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Day 3 (Wednesday, March 5th)

So, this doesn’t have much to do with the 10 MPH Challenge, but on my morning commute today I experienced all three of my top driver behavior pet peeves, as follows:

#1: Double parking in the bike lane, next to an empty parking spot

#2: Making a right turn across the bike lane

#3: Opening a car door into the path of a bicyclist (bonus points for doing it while double parking in the bike lane)

Anyway, today I am pleased to present a guest post from Kristin Tennessen, a board member at Bike East Bay and founding member of Bike Walnut Creek, who has lots of experience with one topic related related to the 10 MPH Challenge that I will be unable to scientifically replicate no matter how hard I try: Biking while pregnant.  

Pregnant in the slow lane

Many parents, when they find out they are expecting a child, worry
about what type of crib to purchase or how much to save for future
college tuition.  When I found out I was pregnant, I thought about
those things too, but the biggest question I had was “how will I get
to work while I am pregnant?”
You see, I loved my bicycle commute to work.  I rode the 4 miles
exclusively on paved bicycle trails which were nestled between tall
trees with singing birds, fences with flowers poking through the
posts, and ducks swimming with their offspring in the local waterways.
 Bicycling to work invigorated me on the way there, and relaxed me on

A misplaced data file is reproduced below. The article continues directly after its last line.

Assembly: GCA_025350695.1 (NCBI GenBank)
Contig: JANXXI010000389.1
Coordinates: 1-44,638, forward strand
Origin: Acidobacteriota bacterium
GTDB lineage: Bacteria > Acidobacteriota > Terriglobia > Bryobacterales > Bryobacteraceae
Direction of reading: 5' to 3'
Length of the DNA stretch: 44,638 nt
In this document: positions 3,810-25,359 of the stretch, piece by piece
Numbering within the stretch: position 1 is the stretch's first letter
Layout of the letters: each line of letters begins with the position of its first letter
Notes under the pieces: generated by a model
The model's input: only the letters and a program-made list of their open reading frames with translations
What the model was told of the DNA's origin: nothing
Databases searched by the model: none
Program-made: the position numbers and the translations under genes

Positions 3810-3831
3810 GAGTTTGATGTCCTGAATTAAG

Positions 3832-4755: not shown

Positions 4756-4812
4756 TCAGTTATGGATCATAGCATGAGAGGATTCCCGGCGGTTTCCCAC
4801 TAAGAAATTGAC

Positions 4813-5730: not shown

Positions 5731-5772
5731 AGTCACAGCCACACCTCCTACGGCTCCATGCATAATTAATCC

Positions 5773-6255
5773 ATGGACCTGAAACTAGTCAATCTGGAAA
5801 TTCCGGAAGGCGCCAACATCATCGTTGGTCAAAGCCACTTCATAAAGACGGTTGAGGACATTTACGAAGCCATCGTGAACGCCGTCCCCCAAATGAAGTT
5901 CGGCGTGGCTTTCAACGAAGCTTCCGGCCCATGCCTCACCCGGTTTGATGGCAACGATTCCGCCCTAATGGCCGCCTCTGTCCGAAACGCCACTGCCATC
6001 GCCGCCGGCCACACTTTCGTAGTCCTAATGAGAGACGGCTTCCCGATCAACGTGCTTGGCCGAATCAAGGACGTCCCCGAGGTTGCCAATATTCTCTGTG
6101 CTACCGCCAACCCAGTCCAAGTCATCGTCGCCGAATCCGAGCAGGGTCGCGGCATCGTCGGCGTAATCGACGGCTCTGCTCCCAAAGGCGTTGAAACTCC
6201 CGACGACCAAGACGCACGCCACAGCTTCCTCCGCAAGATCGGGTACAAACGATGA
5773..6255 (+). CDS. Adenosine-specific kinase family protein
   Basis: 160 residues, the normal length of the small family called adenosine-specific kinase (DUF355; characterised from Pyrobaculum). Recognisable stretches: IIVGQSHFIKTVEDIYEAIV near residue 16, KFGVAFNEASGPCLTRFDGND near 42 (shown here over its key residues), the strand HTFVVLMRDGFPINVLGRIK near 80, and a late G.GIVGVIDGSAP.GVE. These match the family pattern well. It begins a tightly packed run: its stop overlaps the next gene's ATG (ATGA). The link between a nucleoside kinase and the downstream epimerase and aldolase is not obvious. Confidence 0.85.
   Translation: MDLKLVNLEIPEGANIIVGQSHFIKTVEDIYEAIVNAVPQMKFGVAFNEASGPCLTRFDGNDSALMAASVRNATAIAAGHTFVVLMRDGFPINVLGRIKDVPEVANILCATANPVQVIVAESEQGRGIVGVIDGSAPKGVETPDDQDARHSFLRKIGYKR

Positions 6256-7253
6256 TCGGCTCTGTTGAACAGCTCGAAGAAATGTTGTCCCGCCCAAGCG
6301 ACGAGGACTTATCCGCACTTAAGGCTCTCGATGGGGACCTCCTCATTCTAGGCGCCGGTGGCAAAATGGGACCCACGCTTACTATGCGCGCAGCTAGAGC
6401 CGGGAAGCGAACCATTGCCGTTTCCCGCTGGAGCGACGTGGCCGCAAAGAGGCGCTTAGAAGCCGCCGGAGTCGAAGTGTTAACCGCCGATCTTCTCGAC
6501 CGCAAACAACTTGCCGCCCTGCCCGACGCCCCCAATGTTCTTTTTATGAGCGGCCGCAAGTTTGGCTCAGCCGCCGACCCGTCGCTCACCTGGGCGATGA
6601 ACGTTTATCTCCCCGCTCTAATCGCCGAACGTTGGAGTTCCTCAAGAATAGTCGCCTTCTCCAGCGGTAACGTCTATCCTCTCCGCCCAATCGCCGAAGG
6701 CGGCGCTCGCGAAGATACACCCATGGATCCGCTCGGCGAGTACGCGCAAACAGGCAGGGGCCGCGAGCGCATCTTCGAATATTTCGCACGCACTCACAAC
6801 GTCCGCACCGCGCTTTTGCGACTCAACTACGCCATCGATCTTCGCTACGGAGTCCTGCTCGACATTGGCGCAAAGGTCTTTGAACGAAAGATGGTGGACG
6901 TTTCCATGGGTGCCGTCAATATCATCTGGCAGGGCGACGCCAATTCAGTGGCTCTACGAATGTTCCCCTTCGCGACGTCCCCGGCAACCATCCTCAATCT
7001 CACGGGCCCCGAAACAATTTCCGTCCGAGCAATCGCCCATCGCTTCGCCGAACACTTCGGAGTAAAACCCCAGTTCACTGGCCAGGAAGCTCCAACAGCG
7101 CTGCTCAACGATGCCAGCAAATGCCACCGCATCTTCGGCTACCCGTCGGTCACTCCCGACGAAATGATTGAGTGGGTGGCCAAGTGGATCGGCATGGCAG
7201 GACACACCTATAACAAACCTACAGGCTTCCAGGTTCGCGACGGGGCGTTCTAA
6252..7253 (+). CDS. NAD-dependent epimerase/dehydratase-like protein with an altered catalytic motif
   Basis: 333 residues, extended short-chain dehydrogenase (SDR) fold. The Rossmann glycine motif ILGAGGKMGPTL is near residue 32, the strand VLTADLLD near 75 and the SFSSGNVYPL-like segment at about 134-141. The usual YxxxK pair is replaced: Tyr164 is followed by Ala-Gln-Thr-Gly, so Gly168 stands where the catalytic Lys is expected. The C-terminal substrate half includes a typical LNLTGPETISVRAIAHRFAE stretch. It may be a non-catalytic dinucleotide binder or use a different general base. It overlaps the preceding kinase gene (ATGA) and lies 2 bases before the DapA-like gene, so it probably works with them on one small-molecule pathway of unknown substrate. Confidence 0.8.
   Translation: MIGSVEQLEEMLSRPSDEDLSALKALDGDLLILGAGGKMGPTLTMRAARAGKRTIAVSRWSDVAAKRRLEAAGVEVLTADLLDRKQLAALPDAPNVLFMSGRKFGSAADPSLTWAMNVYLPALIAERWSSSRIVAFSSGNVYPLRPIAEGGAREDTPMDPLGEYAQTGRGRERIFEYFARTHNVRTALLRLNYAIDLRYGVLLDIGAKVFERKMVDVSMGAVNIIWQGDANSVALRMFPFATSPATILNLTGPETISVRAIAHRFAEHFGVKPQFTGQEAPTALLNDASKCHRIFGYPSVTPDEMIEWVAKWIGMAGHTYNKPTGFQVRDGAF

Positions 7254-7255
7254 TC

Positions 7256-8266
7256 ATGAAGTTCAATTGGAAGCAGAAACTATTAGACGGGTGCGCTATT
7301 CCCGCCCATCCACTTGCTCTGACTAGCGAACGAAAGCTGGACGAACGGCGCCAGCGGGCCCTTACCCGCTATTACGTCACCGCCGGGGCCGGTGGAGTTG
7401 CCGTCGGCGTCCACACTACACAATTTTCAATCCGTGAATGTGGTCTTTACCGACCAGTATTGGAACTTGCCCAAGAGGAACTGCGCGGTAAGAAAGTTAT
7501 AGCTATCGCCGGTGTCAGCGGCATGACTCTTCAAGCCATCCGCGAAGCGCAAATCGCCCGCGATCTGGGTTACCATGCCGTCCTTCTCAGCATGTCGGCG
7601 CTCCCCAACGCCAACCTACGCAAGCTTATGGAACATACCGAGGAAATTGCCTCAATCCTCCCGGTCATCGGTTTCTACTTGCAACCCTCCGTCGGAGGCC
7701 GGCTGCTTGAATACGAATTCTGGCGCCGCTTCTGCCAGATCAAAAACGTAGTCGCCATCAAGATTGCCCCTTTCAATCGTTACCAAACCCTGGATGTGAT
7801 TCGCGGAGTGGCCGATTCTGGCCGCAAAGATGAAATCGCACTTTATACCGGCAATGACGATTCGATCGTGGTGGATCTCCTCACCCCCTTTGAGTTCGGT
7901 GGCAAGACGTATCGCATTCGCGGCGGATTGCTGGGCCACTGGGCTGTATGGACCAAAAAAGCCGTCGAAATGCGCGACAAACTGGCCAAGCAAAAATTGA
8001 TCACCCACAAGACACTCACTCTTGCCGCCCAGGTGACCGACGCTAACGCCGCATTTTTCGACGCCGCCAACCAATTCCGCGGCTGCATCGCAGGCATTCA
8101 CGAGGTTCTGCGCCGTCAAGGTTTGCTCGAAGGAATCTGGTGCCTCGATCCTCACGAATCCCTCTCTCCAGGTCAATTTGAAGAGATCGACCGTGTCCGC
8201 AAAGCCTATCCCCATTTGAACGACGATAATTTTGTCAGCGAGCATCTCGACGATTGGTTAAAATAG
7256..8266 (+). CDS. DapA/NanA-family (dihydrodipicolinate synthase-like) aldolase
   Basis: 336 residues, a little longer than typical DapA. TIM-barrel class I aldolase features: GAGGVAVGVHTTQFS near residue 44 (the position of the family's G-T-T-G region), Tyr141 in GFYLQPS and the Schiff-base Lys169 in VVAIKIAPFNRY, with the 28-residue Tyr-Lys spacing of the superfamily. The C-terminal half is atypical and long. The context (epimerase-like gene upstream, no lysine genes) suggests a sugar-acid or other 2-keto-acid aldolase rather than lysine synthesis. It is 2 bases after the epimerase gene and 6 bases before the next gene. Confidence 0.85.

the way home.  I experienced no honking horns, traffic lights, vehicle
congestion, or people in a hurry.  I said hello and waved to my fellow
exercise and outdoor enthusiasts as I cycled past, and received smiles
in return.
I continued bicycling as my belly grew throughout the pregnancy.  I
crept along at around 10mph or less because I felt safer at slower
speeds, and also because I was easily out of breath.
I absolutely did not bicycle alongside motor vehicles when I was
pregnant.  It was not just my life on the line.  It was my unborn
child’s, too.  Any mistake made by me or a motorist that resulted in a
collision between me and a moving 3,000 pound vehicle was not going to
end in my favor.  Being limited to only separated (Class 1) bicycle
facilities very much limited what destinations I could access in my
city.  If I couldn’t bicycle or walk, rather than drive a car I
preferred to skip the errand or event.
Towards the end of my pregnancy, I was passed by a jogger while riding
home from work.  Not long after, I had a very easy natural birth
helped by my dedication to a healthy lifestyle while pregnant.  Even
though I was one of the slowest bicyclists on the trail during my
pregnancy, the exercise strengthened my body for childbirth and the
resulting lifestyle of chasing after my now one-year-old.  You won’t
be surprised to learn that he loves riding in the bicycle trailer
behind his momma.


Interested in more info on this topic? Check out the Family Cycling page on the Bike East Bay website: www.BikeEastBay.org/FamilyCycling


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